Well, in both cases, you need to be extra careful when it comes to cyber security, as cyber-criminals seem to be bringing their a-game to bear on the tournament.
According to SecurityWeek, cyber-criminals have been tailoring trojans, designing back doors and using major spam runs – all using the World Cup as their theme – in their attempts to gain access to sensitive information and/or access to computers.
The morale is that you’d best be careful in order not to end up as Spain did last night…
A computer system that’s roughly as old as the first Secret of Monkey Island computer games is currently drawing out the excitement of the recent Belgian European, federal and regional elections.
The country used an e-voting system for the election – an e-voting system using DOS era hardware and software. I kid you not.
“The voting machines in question are x86 PCs from the DOS era, with two serial ports, a parallel port, a paltry 1 megabyte of RAM and a 3.5-inch disk drive used to load the voting software from a bootable DOS disk,” IT World reports.
Even though the system is roughly as old as Asterix’ village, the real issue seems to be a bug in the voting software. The bug caused “incoherent” election results when trying to add up preferential votes.
“The fault appeared in the system despite the fact that the application was especially developed for these elections, was “tested thousands of times” and was certified by PriceWaterhouseCoopers,” ministry spokesman Peter Grouwels said.
You’d expect the certification to be written in stone….
Belgium – the country of chocolate, comics…and computers from the crustacean period.
The FBI’s Next-Generation Identification (NGI) scheme, is snapping up pictures left, right and centre. According to data dug up by the Electronic Frontier Foundation, the scheme, which is the bureau’s giant biometric database, will include more than 50 million images of peoples’ faces by 2015.
The database will include photos like mugshots, but according to the documentation found by the EFF also contain photos of non-criminals.
“Currently, if you apply for any type of job that requires fingerprinting or a background check, your prints are sent to and stored by the FBI in its civil print database. However, the FBI has never before collected a photograph along with those prints. This is changing with NGI. Now an employer could require you to provide a “mug shot” photo along with your fingerprints. If that’s the case, then the FBI will store both your face print and your fingerprints along with your biographic data,” Jennifer Lynch, senior staff attorney with the Electronic Frontier Foundation, writes in a piece for Ars Technica.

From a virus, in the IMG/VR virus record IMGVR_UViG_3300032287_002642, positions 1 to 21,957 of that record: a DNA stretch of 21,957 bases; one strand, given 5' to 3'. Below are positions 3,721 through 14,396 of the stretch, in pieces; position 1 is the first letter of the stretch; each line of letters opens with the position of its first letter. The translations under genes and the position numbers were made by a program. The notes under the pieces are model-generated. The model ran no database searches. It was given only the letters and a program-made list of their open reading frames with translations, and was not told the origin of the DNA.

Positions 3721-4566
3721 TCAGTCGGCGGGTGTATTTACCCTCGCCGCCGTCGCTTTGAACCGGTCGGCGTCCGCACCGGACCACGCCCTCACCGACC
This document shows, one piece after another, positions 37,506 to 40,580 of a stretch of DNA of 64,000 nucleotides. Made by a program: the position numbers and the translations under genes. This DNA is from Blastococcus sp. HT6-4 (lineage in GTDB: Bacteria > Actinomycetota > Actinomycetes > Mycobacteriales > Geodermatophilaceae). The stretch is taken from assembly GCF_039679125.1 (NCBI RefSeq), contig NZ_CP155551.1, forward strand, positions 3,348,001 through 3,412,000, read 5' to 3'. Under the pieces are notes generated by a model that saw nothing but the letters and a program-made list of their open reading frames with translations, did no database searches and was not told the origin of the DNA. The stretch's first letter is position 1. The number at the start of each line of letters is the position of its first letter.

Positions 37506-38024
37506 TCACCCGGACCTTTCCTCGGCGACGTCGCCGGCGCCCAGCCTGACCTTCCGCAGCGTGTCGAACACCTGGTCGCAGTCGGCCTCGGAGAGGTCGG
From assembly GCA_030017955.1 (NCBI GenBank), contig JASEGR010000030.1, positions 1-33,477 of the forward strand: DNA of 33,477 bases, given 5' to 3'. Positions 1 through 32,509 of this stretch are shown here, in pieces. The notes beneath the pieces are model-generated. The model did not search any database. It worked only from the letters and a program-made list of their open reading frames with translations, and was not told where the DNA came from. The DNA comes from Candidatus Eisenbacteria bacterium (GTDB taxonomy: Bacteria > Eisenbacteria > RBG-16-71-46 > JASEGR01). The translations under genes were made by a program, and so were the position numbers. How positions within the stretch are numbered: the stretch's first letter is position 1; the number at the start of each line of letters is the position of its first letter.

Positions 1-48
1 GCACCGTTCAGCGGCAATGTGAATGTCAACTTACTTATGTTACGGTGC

Basically, you need to stay unemployed if you want to stay out of the database…thanks, FBI.
Killer robots that automatically target and engage enemies sound like science fiction. I mean, it’ basically a description of the terminator, isn’t it?
Well, according to a recent article in the superbly named Bulletin of the Atomic Scientist, that might be about to change.
“Drones and robots are enabled by embedded autonomous subsystems that keep engines in tune and antennas pointed at satellites, and some can navigate, walk, and maneuver in complex environments autonomously. But with few exceptions, the targeting and firing decisions of armed robotic systems remain tightly under the control of human operators. This may soon change,” author Mark Gubrud writes.
He points out that we already today have drones and missiles who are capable of hunt for, and decided is something – or someone – is a appropriate target. Another example is automated sentry systems that can detect and warn intruders to stand still on their own. If the intruder doesn’t comply, the systems can automatically engage him or her.
The next step is transferring these abilities to units capable of navigating autonomously in a theatre of war, which is, if you look at events at companies like Boston Dynamics, probably not as far off as you’d think.
Google’s purchase of thermostat producer Nest Labs for several billion dollars has raised eyebrows (there are so many puns on temperature of stock and so on that it’s almost…almost not funny) in tech circles and beyond.
The general agreement seems to be that the deal shows that Google is no longer ‘just’ a search engine company, but is aiming to be so much more – that the deal shows how the company has gone from wanting to run everything on your computer / tablet / phone to now steering toward a future where Google runs your home.